*This article is a response to Why I Left Yoga (& Why I Think A Helluva Lot Of People Are Being Duped). ~ Irasna Rising
I felt a pang of anxiety.
Recently I clicked open the most controversial elephant journal article I’ve seen during my last 14 months as a reader.
I thought I was about to read something that could seriously throw off my oms.
I am not a yoga teacher. I don’t practice seven days a week—or even four for that matter–and I most certainly have some bad habits that would make Patanjali cringe.
Having practiced under some of the best teachers in the country—during my time in Boulder—I was indeed spoiled enough to consider myself a yogi in the making.
While the article was overly critical of a practice I adore, I’ll admit that I sympathize with the ill feelings towards the westernization of yoga, in gyms and other fitness establishments. However, I do not feel judgment towards anyone practicing asana.
I remember being new to my yoga journey, in my costly—yet stylish—yoga pants.
At the time—as a new transplant to Boulder—I thought it was the trendy thing to do. I was over-compensating in my attempts to be the perfect example of a midwestern white girl turned devoted yogi seeking spiritual enlightenment, sexy shoulders and hey look at my headstands.
Then something amazing happened—I realized yoga was changing my life and the way I viewed the world.
I remember the pivotal point for me that occurred at a Yoga Pod class taught by Larissa Ortiz. It wasn’t her guru-esque opening quote that centered me, it wasn’t her asana sequence that opened my hips and it certainly wasn’t the room full of cute Lululemon attire that had me convinced yoga was for me.
It was a quote as simple as this,
“Life is really f*cking hard sometimes.” ~ Larissa Ortiz
Surprised to hear f*ck at 6:30am in a room that is supposed to be toning my spiritual muscles—the candor of the statement resonated with me.
That quote and her anecdotal story that followed presented the room full of fellow mat mates the raw vulnerability of the human condition.
Every person there could relate to that statement and come together as one under the notion that life is indeed, really f*cking hard sometimes.
We all have our own sh*t.
Each and every one of us.
Despite the Westernization of yoga—it was comforting to be in a room full of people, propagating a practice that works to bring more self-awareness and kindness to the world, provides a comfort that reaches far beyond any color of skin, religious affiliation, capitalist scheme or $80 pair of yoga pants.
In my room I have picture of Shiva and three copies of the Sutras.
I’ve traveled to India, without visiting an exotic, expensive ashram. I’ve considered getting a Sanskrit tattoo. I’ve taken a chocolate yoga class where the proceeds benefit yoga outreach programs.
Last but not least–I am white female.
And damn it—I love yoga.
I have nothing but sheer admiration for the people and country of India, for the ancient heritage of yoga and for anyone out there willing to come to the mat.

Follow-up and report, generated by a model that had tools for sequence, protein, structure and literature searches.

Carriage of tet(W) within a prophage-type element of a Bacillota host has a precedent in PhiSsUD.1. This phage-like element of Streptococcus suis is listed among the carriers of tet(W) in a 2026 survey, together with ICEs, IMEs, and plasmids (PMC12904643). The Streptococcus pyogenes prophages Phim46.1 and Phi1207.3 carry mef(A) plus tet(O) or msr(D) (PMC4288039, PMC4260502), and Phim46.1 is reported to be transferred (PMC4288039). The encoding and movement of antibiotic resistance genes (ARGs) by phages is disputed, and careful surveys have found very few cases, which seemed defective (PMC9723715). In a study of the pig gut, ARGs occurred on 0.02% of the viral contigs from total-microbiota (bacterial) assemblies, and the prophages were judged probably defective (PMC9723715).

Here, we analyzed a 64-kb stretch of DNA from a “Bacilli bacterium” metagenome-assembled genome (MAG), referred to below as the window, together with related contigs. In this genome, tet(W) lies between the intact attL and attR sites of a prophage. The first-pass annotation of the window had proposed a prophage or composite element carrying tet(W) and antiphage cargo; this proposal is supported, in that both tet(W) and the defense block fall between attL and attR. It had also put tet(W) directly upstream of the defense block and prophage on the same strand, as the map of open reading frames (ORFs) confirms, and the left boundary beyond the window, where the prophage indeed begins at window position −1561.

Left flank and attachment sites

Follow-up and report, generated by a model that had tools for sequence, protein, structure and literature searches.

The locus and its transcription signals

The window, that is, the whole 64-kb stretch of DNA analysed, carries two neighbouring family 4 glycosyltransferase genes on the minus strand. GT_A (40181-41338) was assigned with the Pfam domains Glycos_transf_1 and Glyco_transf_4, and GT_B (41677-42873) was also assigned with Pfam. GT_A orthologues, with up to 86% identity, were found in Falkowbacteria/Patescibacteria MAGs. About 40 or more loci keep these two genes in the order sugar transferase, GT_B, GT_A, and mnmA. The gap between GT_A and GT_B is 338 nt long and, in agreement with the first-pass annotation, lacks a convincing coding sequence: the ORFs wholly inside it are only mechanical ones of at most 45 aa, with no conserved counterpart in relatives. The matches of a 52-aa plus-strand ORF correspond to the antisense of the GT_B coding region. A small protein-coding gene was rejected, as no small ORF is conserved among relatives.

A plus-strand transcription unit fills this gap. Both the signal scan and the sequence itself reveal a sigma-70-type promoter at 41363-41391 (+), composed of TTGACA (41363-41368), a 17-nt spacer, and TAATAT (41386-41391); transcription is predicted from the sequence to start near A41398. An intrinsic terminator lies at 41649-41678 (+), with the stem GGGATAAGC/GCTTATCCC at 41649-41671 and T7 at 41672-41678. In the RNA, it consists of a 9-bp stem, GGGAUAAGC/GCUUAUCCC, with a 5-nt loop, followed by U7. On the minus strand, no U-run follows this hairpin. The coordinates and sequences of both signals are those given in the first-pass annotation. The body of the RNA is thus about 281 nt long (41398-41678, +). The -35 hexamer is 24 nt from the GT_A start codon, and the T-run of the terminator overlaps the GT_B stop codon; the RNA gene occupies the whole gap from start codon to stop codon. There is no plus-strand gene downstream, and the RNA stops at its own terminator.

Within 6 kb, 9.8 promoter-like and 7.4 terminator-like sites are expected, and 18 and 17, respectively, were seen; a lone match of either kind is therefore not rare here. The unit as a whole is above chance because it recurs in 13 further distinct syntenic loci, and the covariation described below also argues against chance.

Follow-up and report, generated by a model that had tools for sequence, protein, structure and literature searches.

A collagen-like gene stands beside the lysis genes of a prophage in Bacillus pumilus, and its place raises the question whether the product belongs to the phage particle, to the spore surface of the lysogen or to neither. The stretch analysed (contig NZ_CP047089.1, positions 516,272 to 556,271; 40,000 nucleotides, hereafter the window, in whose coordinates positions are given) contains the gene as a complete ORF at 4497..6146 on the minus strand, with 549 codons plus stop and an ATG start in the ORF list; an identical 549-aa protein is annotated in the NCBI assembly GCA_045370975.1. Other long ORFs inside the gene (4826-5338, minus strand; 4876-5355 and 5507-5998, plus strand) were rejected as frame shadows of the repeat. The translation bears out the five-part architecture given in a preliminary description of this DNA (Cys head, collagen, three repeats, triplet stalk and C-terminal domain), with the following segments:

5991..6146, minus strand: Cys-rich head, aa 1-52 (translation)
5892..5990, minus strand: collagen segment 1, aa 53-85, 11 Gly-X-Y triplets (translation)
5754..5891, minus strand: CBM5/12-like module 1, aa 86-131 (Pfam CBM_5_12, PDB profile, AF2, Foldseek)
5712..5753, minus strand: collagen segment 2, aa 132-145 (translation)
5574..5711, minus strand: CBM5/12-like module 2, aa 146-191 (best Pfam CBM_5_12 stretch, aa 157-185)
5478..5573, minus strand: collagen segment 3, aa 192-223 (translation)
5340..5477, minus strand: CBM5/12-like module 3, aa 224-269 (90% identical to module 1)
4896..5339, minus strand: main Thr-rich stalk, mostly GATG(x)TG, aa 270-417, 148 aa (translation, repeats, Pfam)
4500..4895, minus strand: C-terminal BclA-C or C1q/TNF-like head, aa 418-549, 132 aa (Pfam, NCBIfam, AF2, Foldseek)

Here in the West we may not be a carbon copy of ancient yoga philosophy and I don’t imagine Patanjali ever anticipated it would create a billion dollar industry.
Sure, money has certainly fueled this industry.
However, for each thing the West gets wrong, someone out there is getting it right when they attend a yoga class.
For 75 minutes they have made a conscious effort to be there. It doesn’t matter if was out of desire for spiritual enlightenment or an excuse to buy cute yoga clothes and follow the trends.
Whatever their intentions, who cares.
They showed up.
They will inevitably grow from the experience—as yoga has that effect on us whether we hope for it or not.
In regards to the controversial article criticizing the West for the yoga we’ve created—the author can be validated in her frustration.
It is hard to see yoga stray from its roots—however in doing so—it is reaching more people than ever.
And, while yoga can be a pricy commitment, thankfully there are wonderful organizations out there trying to make yoga accessible to serve the busy single-moms, the war veterans, the disabled and more.
And while some gyms trying to pass off fitness classes as traditional asana yoga and corporate giants trying to cash in, there are many of us out there doing everything we can to encourage people to roll out their mats for the right reasons.
We cannot let capitalism’s evolution of yoga be a reason to shun a practice that is fundamentally rooted in fostering a better connection to the self—ultimately aiming to create a society that is more compassionate, more aware and more accepting and tolerant of all beings.
As for Elephant Journal, thank you.
In no way do I feel as though Why I Left Yoga (& Why I Think A Helluva Lot Of People Are Being Duped). is a negative reflection on the website, as you are simply doing what any good journal should do—standing by the journalistic principles and running an article that goes against the grain.
You certainly challenged us as readers and the feedback this article has generated has only made me more devoted to my yoga practice.
Not everyone in your yoga class may be seeking enlightenment, but if we all start doing a little more yoga—be it one limbed or eight—I think the world will be a better place.
Love elephant and want to go steady?
Editor: Ashleigh Hitchcock